Ushahidi for Mobile Banking

I just participated in a high-level mobile banking (mBanking) conference in Nairobi, which I co-organized with colleagues from The Fletcher School.

Participants included the Governor of Kenya’s Central Bank, Kenya’s Finance Minister, the directors/CEO’s of Safaricom, Equity Bank, Bankable Frontier Associates, Iris Wireless, etc, and senior representatives from the Central Banks of Tanzania, Rwanda and Burundi as well as CGAP, Google, DAI, etc.


The conference blog is available here and the Twitter feed I set up is here. The extensive work that went into organizing this international conference explains my relative absence from iRevolution; that and my three days off the grid in Lamu with Fletcher colleagues and Erik Hersman.

I have already blogged about mBanking here so thought I’d combine  my interest in the subject with my ongoing work with Ushahidi.

One of the issues that keeps cropping up when discussing mBanking (and branchless banking) is the challenge of agent reliability and customer service. How does one ensure the trustworthiness of a growing network of agents and simultaneously handle customer complaints?

A number of speakers at Fletcher’s recent conference highlighted these challenges and warned they would become more pressing with time. So this got me thinking about an Ushahidi-for-mBanking platform.

Since mBanking customers by definition own a mobile phone, a service like M-Pesa or Zap could provide customers with a dedicated short code which they could use to text in concerns or report complaints along with location information. These messages could then be mapped in quasi real-time on an Ushahidi platform. This would provide companies like Safaricom and Zain with a crowdsourced approach to monitoring their growing agent network.

A basic spatial analysis of these customer reports over time would enable Safaricom and Zain to identify trends in customer complaints. The geo-referenced data could also provide the companies with a way to monitor agent-reliability by location. Safaricom could then offer incentives to M-Pesa agents to improve agent compliance and reward them accordingly.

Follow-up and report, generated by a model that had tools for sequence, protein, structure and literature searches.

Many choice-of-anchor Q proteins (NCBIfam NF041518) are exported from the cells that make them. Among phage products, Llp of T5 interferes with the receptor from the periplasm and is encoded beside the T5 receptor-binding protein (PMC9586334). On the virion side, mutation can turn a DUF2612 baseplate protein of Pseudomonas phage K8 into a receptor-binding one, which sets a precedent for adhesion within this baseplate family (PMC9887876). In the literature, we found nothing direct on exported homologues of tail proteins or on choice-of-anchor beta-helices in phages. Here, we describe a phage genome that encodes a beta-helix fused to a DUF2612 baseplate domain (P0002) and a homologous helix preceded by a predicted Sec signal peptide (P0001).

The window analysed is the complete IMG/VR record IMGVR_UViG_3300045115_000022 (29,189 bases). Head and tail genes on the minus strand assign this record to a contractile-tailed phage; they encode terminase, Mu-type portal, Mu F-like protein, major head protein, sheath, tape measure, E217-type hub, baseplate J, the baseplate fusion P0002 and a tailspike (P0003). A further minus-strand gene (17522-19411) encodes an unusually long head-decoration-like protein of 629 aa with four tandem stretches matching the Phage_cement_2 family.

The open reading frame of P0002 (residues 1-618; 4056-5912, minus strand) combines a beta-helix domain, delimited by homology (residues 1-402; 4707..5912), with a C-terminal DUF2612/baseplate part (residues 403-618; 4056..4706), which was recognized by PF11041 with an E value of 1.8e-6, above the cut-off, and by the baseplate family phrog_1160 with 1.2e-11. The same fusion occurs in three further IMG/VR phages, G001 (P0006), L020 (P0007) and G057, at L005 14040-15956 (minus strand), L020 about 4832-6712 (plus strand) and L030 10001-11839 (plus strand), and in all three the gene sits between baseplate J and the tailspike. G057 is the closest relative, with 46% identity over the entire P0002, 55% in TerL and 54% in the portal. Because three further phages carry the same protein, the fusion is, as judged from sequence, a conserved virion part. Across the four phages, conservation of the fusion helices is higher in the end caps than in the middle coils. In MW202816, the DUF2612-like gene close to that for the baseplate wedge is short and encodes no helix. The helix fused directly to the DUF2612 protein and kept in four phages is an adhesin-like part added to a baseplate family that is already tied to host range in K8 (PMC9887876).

In other words, the “balance of power” would shift from the agent to the customer since the latter would now be in position to report on quality of service.

But why wait for Safaricom and Zain to kick this off? Why not simply launch two public parallel platforms, one for M-Pesa and the other for Zap to determine which of the two companies receive more complaints and how quickly they respond to them?

To make the sites sustainable, one could easily come up with a number of business plan models. One idea might be to provide advertising space on the Ushahidi-mBanking site. In addition, the platform would provide a way to collect the mobile phone numbers of individual clients; this information could then be used to broadcast ads-by-SMS on a weekly basis, for example.

If successful, this approach could be replicated with Wizzit and MTN in South Africa and gCash in the Philippines. I wish I had several more weeks in Nairobi to spearhead this but I’m heading back to the Sudan to continue my consulting work with the UN’s Threat and Risk Mapping Analysis (TRMA).

Patrick Philippe Meier

5 responses to “Ushahidi for Mobile Banking

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